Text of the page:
It really depends on what you think about as visualizing.
The group $\mathbb Z$ is discrete, so between two successive points there is a part which looks a bit like $\mathbb R$. The result, if so, is somewhat close to being $\mathbb R$.
On the other hand, $\mathbb Q$ is a dense subgroup of $\mathbb R$. This means that it gets a lot messier. Not without a good reason too, we can usually imagine things which have shape, things which can be measured.
Any set of representatives for $\mathbb R/\mathbb Q$ cannot be measured. This tells you that it is practically impossible to visualize this quotient in the same sense that we would imagine a circle, a ball, or even if we try really hard and we imagine a four-dimensional space.
Furthermore, using the axiom of choice we can create such set of representatives; however without the axiom of choice this quotient might not even be linearly ordered. Namely, it forms a set which cannot be linearly ordered. In contrast, $\mathbb R/\mathbb Z$ is a circle, or a half-open interval (where we identify the endpoints), even without the axiom of choice.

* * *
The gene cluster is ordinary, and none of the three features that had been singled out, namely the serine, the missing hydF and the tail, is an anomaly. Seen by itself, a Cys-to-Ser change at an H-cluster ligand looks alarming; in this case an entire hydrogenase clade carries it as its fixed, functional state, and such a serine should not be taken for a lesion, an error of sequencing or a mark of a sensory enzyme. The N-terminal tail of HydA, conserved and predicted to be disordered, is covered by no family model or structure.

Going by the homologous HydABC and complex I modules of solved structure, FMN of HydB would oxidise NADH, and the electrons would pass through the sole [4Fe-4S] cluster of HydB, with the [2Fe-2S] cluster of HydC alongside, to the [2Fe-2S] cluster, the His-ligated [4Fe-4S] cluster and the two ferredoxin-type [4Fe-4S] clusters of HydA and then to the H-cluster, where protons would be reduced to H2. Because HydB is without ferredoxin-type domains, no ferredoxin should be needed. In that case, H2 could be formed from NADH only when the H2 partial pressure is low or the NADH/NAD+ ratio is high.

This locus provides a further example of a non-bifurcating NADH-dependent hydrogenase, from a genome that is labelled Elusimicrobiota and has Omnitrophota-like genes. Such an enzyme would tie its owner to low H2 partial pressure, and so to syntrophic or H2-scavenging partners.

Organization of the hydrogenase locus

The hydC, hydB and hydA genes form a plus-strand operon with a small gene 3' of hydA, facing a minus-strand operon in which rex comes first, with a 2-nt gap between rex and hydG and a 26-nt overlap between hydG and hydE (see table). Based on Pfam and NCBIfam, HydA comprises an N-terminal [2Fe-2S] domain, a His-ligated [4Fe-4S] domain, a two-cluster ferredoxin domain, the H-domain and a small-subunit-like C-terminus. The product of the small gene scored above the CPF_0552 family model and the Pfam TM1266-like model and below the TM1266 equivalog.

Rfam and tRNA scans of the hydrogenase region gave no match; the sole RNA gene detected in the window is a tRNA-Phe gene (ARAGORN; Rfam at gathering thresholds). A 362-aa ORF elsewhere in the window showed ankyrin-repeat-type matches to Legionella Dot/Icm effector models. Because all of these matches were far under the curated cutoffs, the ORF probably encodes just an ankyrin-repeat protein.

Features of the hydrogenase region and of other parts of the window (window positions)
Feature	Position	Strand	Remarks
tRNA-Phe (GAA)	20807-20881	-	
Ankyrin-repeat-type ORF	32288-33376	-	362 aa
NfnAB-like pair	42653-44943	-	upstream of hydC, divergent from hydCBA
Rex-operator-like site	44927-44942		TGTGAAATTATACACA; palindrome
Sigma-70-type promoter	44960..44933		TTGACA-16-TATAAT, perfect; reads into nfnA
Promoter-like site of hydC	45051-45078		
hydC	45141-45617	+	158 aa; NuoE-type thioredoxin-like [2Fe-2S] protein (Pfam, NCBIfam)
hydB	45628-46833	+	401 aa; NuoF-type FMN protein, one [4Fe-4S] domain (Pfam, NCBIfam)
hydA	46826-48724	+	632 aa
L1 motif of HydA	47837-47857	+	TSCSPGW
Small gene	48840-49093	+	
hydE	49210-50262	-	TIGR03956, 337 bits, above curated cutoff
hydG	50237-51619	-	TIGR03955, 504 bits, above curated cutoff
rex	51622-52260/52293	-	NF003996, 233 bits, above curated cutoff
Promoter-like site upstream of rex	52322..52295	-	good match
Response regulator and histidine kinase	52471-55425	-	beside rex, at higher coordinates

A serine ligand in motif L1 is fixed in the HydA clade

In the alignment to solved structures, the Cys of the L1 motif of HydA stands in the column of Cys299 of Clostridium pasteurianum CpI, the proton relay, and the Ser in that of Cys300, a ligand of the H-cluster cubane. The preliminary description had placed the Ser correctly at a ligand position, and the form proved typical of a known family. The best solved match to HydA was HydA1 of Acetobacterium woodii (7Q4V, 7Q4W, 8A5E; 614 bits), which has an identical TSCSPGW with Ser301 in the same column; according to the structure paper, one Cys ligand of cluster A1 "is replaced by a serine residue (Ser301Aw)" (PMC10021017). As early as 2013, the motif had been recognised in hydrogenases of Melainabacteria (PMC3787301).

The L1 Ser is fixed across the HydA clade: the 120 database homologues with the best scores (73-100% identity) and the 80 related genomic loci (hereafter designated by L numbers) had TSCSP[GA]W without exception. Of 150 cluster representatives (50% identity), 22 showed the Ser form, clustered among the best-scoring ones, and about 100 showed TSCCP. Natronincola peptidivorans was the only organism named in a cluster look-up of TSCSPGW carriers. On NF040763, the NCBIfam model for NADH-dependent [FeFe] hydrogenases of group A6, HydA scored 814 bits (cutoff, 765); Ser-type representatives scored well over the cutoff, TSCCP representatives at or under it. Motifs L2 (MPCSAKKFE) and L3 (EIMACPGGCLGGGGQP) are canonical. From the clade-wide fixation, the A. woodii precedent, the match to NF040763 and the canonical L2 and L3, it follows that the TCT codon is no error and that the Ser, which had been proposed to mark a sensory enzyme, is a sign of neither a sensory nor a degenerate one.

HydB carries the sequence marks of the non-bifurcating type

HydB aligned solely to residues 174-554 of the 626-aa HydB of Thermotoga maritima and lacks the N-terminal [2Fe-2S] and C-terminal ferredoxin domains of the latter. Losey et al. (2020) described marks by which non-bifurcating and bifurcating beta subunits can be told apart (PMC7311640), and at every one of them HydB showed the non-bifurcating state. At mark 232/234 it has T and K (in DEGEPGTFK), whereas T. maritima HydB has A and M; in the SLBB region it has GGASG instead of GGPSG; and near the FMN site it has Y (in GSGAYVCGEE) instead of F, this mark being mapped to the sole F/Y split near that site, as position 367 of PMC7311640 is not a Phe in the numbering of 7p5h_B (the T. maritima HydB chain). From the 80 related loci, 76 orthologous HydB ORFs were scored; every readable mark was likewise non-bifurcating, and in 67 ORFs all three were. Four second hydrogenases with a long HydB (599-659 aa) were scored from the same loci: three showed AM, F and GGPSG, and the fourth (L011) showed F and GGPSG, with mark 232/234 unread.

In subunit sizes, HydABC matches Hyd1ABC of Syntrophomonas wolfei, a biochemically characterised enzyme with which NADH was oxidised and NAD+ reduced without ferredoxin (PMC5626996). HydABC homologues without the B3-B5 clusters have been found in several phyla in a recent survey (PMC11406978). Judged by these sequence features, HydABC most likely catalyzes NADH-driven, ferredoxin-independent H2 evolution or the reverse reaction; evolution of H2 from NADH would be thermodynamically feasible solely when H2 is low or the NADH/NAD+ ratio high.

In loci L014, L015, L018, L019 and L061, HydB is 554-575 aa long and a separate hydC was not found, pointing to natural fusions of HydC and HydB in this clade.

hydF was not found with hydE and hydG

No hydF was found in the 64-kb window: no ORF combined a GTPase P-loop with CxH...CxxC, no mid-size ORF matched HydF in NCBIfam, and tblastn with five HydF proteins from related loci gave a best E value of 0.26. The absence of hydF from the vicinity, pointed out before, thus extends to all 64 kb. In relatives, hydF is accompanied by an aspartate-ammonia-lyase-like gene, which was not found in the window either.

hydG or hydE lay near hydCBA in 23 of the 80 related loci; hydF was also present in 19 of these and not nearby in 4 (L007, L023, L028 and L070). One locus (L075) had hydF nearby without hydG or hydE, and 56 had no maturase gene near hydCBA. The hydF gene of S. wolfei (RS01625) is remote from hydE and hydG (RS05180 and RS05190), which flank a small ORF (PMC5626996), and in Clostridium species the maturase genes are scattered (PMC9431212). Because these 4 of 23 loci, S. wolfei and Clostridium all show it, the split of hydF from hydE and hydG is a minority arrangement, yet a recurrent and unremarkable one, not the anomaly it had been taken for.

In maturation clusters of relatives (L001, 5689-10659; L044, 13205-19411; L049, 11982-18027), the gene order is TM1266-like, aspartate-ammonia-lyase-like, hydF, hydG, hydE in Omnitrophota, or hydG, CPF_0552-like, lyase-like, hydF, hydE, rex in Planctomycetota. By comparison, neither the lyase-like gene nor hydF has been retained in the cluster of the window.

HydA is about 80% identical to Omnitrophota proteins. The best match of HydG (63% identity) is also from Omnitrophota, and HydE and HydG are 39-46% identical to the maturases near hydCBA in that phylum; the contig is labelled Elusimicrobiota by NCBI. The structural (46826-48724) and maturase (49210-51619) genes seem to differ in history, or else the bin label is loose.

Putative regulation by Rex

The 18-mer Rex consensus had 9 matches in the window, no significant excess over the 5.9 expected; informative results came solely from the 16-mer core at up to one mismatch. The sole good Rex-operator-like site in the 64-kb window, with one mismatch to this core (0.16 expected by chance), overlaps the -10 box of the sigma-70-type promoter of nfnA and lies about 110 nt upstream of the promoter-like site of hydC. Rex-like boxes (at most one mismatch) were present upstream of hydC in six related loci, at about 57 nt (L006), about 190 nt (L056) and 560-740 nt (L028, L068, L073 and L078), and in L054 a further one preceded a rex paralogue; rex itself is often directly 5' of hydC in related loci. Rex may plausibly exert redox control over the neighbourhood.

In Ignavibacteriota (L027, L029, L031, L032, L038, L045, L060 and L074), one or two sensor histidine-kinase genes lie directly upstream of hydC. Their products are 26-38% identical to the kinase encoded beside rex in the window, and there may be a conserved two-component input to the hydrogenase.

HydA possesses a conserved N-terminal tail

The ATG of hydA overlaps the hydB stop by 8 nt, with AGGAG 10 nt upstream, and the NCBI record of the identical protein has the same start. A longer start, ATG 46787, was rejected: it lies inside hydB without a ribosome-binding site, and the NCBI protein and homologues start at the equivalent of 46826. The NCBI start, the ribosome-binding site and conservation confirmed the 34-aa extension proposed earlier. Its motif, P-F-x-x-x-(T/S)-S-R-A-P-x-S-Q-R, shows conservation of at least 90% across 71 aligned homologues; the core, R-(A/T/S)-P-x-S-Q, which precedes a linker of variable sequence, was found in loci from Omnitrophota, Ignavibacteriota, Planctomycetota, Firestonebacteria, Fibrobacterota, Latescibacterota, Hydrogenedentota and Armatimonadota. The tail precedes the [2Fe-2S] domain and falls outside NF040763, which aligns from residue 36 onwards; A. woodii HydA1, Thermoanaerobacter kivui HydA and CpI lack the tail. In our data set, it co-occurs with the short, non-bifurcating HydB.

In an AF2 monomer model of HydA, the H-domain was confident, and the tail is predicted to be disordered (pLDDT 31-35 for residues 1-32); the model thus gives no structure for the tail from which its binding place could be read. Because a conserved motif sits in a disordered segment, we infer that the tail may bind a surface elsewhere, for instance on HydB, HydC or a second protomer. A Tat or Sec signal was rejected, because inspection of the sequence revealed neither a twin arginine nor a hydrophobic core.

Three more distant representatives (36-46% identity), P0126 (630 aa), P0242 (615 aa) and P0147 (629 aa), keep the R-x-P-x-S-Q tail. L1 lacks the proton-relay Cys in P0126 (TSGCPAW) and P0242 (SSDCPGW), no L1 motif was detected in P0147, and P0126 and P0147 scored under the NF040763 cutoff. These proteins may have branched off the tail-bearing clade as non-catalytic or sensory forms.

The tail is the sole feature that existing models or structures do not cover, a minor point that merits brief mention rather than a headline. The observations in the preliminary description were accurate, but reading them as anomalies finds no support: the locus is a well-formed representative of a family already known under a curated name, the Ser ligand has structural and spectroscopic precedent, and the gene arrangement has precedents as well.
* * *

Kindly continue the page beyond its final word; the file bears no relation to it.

This tells you even more: you need the axiom of choice to impose an order on this set. Just a linear order, not even a well-order. Therefore imagining this as a linearly ordered set is even harder than we may believe at first.
My suggestion is not to try and visualize it. Accept this as a formal object which you can understand to some extent, but not see. Move on with this. Eventually, after running into infinitary objects ($\ell^2$, for example) and succeeding in visualizing those -- come back to this one, then you might be able to pull this off.